Well, that didn’t feel at all weird. This was an episode about everyone moving on to the next stage of life, except that maybe moving on isn't the best idea. Or, at least the best idea right now.
Howard and Bernadette have been married for a while, so having a baby is the next obvious step. They got some practice this week with Howard’s needy mother, but in the end, they ceded the responsibility to someone else. Team Putz is not ready for parenthood. We’re going to skip over the “humor” about “someone from a third world country who is used to suffering and unpleasant smells” and move on.
Raj and Emily have taken their relationship to the next step and, finally, slept together. Before they get there, however, Raj has to see her with another guy and spend some time with Sheldon. The other guy thing was silly. If Emily really didn’t want to date her tattoo artist, all she had to say is that she has a boyfriend. Moving on again.
Sheldon is truly growing. He is still asking the inappropriate questions; he is still completely narcissistic; but, he is trying. I liked the way he talked to Raj and thought his advice about Raj learning to be comfortable alone was good. Once again, we’re going to skip over the inherently racist tea “humor” and move on.
Just last week, Penny and Leonard were talking about how they were not ready to be engaged. Now, they are. Huh?
Penny has spent a great deal of time this season fretting. Trying to figure out what to do with her life, Penny is realizing that she will never be a star. Like any dream held on to for years, it’s not an easy one to let go. Now, however, the truth is staring at her. She’s even been fired from the set of Serial Apist 2: Monkey See, Monkey Kill. A true low point.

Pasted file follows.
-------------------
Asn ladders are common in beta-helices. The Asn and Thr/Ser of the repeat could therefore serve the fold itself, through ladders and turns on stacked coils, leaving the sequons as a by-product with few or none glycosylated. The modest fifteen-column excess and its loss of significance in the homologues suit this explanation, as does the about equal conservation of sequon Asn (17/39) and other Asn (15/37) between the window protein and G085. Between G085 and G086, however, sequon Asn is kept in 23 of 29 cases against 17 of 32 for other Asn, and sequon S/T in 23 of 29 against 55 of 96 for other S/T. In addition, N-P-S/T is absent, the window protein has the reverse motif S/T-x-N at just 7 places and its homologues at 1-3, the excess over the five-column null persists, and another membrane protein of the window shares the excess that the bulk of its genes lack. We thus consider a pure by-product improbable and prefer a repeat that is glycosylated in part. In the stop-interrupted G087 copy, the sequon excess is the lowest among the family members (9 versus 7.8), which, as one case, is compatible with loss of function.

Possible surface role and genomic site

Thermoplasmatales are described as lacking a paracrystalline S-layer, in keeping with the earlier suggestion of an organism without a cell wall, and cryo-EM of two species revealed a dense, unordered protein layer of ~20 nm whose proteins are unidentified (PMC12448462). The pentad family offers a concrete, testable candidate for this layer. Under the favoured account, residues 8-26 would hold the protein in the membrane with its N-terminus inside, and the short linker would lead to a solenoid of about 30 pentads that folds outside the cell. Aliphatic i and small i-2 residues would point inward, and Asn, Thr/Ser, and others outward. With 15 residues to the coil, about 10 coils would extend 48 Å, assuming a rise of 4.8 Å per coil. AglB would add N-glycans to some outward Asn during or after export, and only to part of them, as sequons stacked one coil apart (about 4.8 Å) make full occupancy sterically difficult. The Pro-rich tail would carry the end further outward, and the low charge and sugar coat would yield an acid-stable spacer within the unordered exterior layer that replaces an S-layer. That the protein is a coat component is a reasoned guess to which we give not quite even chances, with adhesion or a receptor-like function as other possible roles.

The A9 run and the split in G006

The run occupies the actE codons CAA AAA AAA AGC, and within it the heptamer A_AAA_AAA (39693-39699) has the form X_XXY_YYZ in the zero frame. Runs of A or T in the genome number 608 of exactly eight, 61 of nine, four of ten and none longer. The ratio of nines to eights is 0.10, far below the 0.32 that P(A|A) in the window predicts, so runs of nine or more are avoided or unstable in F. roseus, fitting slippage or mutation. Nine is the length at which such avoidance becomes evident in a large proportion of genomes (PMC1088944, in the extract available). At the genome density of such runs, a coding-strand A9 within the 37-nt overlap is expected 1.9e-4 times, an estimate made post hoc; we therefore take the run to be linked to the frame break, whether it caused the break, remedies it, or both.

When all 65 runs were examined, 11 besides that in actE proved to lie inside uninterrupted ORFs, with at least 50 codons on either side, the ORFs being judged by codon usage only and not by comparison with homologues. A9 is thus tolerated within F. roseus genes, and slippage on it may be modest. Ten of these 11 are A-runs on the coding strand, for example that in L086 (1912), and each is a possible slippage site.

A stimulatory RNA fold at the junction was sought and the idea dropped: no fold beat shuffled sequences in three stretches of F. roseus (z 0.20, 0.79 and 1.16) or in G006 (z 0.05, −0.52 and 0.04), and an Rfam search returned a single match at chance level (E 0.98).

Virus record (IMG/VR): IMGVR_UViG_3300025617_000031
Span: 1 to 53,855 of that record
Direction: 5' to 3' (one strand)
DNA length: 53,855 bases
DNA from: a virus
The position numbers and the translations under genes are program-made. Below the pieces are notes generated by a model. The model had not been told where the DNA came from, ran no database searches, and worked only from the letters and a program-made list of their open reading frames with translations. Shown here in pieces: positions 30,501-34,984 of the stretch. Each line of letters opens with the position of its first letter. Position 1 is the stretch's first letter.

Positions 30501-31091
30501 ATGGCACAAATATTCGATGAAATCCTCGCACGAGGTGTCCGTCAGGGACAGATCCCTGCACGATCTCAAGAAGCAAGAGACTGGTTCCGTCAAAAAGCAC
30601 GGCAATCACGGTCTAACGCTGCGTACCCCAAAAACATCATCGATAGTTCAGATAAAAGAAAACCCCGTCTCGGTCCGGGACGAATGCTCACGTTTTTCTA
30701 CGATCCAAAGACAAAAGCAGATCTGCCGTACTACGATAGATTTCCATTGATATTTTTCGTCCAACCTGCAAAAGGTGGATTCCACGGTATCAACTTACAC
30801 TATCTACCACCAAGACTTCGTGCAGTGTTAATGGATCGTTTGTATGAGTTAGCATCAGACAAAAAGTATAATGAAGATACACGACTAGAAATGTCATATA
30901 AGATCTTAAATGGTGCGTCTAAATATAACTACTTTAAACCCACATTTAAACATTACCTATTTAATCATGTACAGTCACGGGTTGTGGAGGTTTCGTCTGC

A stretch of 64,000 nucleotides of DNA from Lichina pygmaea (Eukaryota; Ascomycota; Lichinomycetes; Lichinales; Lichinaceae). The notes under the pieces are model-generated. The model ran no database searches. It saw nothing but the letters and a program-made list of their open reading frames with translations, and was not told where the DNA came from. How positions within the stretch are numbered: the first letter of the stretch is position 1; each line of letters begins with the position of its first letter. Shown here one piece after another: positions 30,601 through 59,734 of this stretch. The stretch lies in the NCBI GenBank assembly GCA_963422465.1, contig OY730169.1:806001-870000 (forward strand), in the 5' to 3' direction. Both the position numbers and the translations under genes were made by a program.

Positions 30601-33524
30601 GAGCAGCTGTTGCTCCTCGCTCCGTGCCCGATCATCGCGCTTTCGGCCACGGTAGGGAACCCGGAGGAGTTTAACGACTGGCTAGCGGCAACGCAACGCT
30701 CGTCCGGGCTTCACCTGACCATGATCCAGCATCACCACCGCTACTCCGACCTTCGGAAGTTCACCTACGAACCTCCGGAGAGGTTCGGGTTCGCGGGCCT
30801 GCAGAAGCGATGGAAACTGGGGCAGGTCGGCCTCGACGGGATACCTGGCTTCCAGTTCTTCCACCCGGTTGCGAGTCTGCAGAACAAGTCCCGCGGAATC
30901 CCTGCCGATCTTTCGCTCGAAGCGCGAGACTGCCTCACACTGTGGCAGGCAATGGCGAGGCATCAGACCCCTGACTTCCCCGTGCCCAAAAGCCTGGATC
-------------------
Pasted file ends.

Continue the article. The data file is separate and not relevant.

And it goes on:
On the set, the film’s director doesn’t believe that Leonard is Penny’s boyfriend because “she is too hot for him.” I am so very tired of this idea and even more tired of Penny’s not defending Leonard. It jumped out at me even more because the remark came as a result of Leonard leaping to her defense.
After a couple of beers, she and Leonard return to her apartment where she has an epiphany. Penny doesn’t need to be a famous actress; all she needs to be happy is Leonard. The smart decision is to move on with her life and marry this man.
My initial reaction was much like Leonard’s. He is too good a man to be a “bran muffin” and I felt that Penny is, once again, latching onto something, anything to have meaning in her life. Leonard and Penny have had this conversation too many times. This time, however, Penny convinces Leonard that she is serious and he accepts. Or, rather, he tells her, “I guess I’m in.” Even I was wondering if they were engaged or not.
To be fair, this felt like the right way for these two to become engaged. They have danced the dance for a while now, so the anticlimactic aspect of it worked. Having said that, the fact that Leonard had an engagement ring in his wallet and got down on one knee was a fantastic moment. It made me smile, and the hopeless romantic in me may have welled up.
I know that I am meant to be excited that this couple who have been dancing around each other and this commitment for so long have finally made it. I’m not. The relationship still feels oddly one-sided and I’m not convinced that if something better (like a real acting job) came along, Penny wouldn’t jump.
For now, however, Penny’s got her ring and they are engaged. I must admit that I am looking forward to seeing Sheldon get this news next week. Moving on…
ChrisB is a freelance writer who spends more time than she ought in front of a television screen or with a book in her hand.